I’m actually glad we were in the birth center and not at home for several reasons. The birthing stool is probably the main reason. It was perfect for my situation.
This was definitely not the peaceful, serene, calm homebirth I had envisioned for myself. But, that doesn’t mean it was any less spiritual, amazing, and life changing.
Supporter of natural birth and lover of natural birth stories.
Gentle Birth, Gentle Mothering: A Doctor's Guide to Natural Childbirth and Gentle Early Parenting Choices
Birthing from Within: An Extra-Ordinary Guide to Childbirth Preparation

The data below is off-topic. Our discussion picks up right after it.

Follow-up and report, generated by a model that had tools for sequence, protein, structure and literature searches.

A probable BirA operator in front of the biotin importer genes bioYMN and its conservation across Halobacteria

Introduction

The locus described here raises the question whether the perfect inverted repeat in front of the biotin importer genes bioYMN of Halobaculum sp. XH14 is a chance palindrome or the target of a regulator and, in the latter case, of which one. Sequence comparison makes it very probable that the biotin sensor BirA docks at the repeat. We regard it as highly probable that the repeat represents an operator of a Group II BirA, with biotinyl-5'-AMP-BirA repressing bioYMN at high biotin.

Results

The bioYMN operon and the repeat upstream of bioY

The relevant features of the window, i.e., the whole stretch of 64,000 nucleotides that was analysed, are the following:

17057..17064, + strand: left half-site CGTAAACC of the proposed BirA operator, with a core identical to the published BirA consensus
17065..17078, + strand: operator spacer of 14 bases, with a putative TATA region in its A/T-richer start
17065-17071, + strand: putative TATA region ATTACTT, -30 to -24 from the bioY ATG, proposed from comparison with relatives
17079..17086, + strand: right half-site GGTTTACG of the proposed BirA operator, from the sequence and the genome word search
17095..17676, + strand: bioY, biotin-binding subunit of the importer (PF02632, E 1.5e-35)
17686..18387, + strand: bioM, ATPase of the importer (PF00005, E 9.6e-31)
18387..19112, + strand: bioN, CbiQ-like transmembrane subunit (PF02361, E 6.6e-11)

Birth is inspiring, amazing, and empowering. This website shares a collection of real natural birth experiences from you, the readers. Births the way nature intended. No pitocin. No epidural. Just the beauty (and intensity!) of the human body at work. Whether you've had one natural birth, five natural births, or are considering natural birth in the future, our hope is you will find courage and joy in these stories. Enjoy.
The Birth Partner: A Complete Guide to Childbirth for Dads, Doulas, and All Other Labor Companions
Birthing from Within: An Extra-Ordinary Guide to Childbirth Preparation